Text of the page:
Example Of E- Patient Dave Critical Thinking
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Dave deBronkert is an international keynote speaker on healthcare. He earns high-performance rating by understanding each listener and by following them up closely to identify their sole “home run.” Dave commonly referred to “e- patient Dave was diagnosed with kidney cancer in January 2000. He is a cancer survivor of Grade 4 renal cell carcinoma. He was able to conquer his condition due to his earlier study on technological changes.
Dave is the best-rated spokesman for patient engagement movement. Various values are considered by Dave where the patient is involved and gets informed. For example, the people are encouraged to get general check-ups on their health. This is a major value that led to the awareness of Dave’s illness. Accurate diagnosis is important in that; it gives the patient the where and how to go ahead.
One of the jobs of a healthcare administrator is to ensure that the patients are all treated with the highest quality of healthcare possible and to ultimately maintain the well-being of the company both financially and institutionally. It would only be safe to say that the major source of income of most hospitals and healthcare institutions is the revenue that they get from the patients or from their insurance providers after they have been treated with healthcare. This means that if there are no patients who would go to the hospitals for diagnostic and treatment procedures, then there is no revenue for the healthcare managers and or administrators. This can, in fact, be one of the reasons patients are not being allowed to look at their own patient records and charts. In Dave’s talk, he mentioned that one of the few things that saved him was his being informed about his condition and the best things that he could do for his own health. That was like saying he did not need the opinion and consult of the medical team that was working to resolve his medical condition because he could be informed. If over time, more and more patients develop this kind of mentality, then that would be a significant loss of revenue for the hospitals. Or, if patients would still decide that they indeed need the help of people with real educational background and expertise in handling their condition, healthcare managers can face a lot of problems who thinks and feels that they know more about their condition than the doctors that treat them. So the implication of Dave’s proposition for healthcare managers would be either a problem in the healthcare institution’s financial books or a problem in handling insistent and know it all patients.
In Brian Goldman’s talk on TED Talk, he mentioned one of the many ongoing problems in healthcare is that doctors and often other medical practitioners do not admit it when they make mistakes. From a managerial perspective, this can potentially develop as a real source of problems in the future particularly when it comes to the aspect of trust. If the patients would always be informed that the people who they entrust their health with continuously make mistakes just like an average person, it would probably give them the mentality that their medical handlers are not good and or competent enough. By seeking medical consult and care, one is basically entrusting his life to the medical system and to the people that run it. These people therefore have the expectation that no one is about and allowed to make any mistake because it is their life that is on the line in that situation. However, most medical practitioners do not think this way and so they tend to make mistakes, often without the patient knowing. Acquiring the trust of the patient would be one of the biggest, if not the biggest disadvantage of this proposed model. So as a result, I do not expect the adoption of this model would make any improvements in the current quality of healthcare being offered in healthcare facilities; in fact, I think it would only make it worse. This system is just not recommended because it destroys the patient to physician or medical practitioner relationship which is bounded by trust.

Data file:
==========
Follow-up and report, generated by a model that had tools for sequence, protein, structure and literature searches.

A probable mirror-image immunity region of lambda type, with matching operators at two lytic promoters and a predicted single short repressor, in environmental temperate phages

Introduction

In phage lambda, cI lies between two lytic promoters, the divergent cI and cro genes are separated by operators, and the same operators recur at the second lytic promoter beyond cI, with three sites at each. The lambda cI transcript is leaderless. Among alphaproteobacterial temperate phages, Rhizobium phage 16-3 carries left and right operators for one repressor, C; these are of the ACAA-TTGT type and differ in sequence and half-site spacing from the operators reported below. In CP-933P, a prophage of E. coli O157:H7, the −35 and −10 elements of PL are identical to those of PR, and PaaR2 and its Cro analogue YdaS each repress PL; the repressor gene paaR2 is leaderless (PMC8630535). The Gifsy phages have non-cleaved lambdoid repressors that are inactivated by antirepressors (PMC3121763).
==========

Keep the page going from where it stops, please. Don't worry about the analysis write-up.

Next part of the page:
Anderson, L. et al (2003). Culturally competent healthcare systems: A systematic review, American journal of preventive medicine. 24(3s): 68-79. doi:10.1016/S0749-3797(02)00657-8.
Combes J.R. and Arespacochaga E. (2013), Appropriate Use of Medical Resources.American
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Kristin L. Carman, Pam Dardess, Maureen Maurer, Shoshanna Sofaer, Karen Adams,Christine Bechtel and Jennifer Sweeney. (2013)Patient and Family Engagement: A Framework for Understanding The Elements AndDeveloping Interventions And Policies. Health Affairs, 32, no.2:223-231.
Shi, L., & Singh, D. A. (2010). Essentials of the U.S. health care system. Sudbury, Mass: Jones and Bartlett Publishers.
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